Just one out of the 10 permanent residence applications considered by the Caymanian Status and Permanent Residency Board Thursday received approval, according to government officials.
Five applicants seeking the right to remain in Cayman for the rest of their lives were denied residency status and two other applicants withdrew their papers, board chairman Waide DaCosta said in a press release issued by the government Ministry of Immigration.
Two other applications were deferred pending the delivery of further information from the applicants.
These permanent residence applications were the first to be reviewed by the board, barring cases that involved court challenges, in about two-and-a-half years.
“The early number should serve to assure the public that permanent residence applications are being carefully considered and that there will be no mass grants,” Premier Alden McLaughlin said. “Only those applications that meet the requirements in legislation are being approved.”
Mr. McLaughlin’s comments appeared to refer to remarks contained in an online petition circulating the islands since last week that asked the premier to “defer any further mass grants” of residence applications until jobs could be found for 1,200 unemployed Caymanian workers and 600 or so school leavers.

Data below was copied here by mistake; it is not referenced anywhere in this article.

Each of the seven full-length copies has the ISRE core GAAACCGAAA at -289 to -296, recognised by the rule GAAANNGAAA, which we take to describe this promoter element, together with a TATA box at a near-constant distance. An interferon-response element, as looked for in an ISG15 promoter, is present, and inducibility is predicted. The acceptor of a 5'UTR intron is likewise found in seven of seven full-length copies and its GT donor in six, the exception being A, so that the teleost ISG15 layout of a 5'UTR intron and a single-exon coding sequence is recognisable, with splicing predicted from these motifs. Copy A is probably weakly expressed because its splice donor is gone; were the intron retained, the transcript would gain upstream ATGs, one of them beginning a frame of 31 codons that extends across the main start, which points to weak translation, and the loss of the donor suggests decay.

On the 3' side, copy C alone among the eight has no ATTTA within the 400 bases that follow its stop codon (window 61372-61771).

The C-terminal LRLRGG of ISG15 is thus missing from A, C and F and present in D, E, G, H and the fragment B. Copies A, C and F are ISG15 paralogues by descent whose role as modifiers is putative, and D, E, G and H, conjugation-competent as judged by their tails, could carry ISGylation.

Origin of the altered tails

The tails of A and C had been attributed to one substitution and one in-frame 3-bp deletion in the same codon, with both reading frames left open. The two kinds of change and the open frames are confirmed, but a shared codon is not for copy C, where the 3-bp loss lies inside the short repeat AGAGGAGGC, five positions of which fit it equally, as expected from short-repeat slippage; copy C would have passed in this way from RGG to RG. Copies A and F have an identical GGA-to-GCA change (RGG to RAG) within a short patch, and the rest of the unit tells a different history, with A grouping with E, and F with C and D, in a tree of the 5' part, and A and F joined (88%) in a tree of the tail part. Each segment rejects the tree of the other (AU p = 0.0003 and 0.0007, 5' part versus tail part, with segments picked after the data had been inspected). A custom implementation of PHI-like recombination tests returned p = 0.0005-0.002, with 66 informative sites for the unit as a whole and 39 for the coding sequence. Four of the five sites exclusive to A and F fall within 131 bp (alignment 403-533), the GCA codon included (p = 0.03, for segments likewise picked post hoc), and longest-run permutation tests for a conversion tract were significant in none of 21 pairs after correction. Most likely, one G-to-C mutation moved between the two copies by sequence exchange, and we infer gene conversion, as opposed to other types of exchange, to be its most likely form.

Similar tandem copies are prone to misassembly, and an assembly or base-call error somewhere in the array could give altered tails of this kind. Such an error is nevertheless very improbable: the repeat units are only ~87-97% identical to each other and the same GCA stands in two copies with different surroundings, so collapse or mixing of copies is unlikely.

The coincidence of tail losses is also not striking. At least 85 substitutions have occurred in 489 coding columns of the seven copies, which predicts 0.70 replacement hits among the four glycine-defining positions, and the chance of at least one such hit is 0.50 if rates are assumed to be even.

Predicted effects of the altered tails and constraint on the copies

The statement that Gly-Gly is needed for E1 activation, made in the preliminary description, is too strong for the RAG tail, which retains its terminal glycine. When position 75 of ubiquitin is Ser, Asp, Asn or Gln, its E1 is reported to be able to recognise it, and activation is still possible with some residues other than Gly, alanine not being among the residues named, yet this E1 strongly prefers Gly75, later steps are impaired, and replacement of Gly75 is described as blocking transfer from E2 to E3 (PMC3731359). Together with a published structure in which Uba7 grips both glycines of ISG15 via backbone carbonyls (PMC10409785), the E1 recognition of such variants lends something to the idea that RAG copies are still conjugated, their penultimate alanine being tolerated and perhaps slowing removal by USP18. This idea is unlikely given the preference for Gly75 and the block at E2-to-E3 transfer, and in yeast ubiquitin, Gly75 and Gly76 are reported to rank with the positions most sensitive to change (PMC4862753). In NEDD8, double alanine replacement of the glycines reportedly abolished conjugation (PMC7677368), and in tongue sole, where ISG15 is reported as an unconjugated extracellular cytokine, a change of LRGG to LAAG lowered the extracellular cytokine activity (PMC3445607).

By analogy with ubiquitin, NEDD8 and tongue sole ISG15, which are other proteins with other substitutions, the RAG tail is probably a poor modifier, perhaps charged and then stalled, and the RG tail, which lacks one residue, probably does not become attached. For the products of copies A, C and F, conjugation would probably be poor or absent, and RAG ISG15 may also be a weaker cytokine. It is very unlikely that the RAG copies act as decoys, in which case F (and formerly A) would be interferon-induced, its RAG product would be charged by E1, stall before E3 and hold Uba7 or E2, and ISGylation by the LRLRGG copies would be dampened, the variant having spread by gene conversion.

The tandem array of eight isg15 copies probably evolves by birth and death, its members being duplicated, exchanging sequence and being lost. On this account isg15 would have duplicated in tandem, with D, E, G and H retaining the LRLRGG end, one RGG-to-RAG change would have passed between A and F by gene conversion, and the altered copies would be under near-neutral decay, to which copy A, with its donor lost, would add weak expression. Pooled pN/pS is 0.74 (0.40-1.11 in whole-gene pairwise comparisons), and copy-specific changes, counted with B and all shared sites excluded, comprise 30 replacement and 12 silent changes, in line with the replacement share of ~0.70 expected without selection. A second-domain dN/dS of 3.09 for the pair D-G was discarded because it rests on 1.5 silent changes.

Although the petition stated it would seek a referendum question on the issue, fewer than 400 people had signed it by Friday evening.
The 10 residence applications considered by the board Thursday were “among the first” filed following the change in the islands’ Immigration Law that made permanent residence more difficult to obtain.
“The board takes their role very seriously and their goal is to consider the applications as quickly as possible, while ensuring that each is properly reviewed and given the consideration it deserves,” Ministry of Immigration Chief Officer Wesley Howell said.
Somewhere between 900 and 1,000 applicants have been waiting for word on their residence applications – some of which were filed as early as October 2013 – as technical legal difficulties plagued the government’s approval system.
Two applicants under the current law were granted residence in May after filing lawsuits against the government over the three-year delays in hearing their cases.
It was argued by attorneys representing both of those men that many residence applicants had well more than the 110 points required for approval of their bids, even with ongoing legal questions regarding how points should be awarded for things like occupations.
Residence applicants who have been denied may appeal decisions of the Caymanian Status and Permanent Residency Board to the Immigration Appeals Tribunal and, ultimately to the Grand Court, if they feel aggrieved. However, those individuals will not be allowed to continue working in Cayman while those appeals are processed, according to the 2013 version of the Immigration Law.
***This story has been updated from the original.***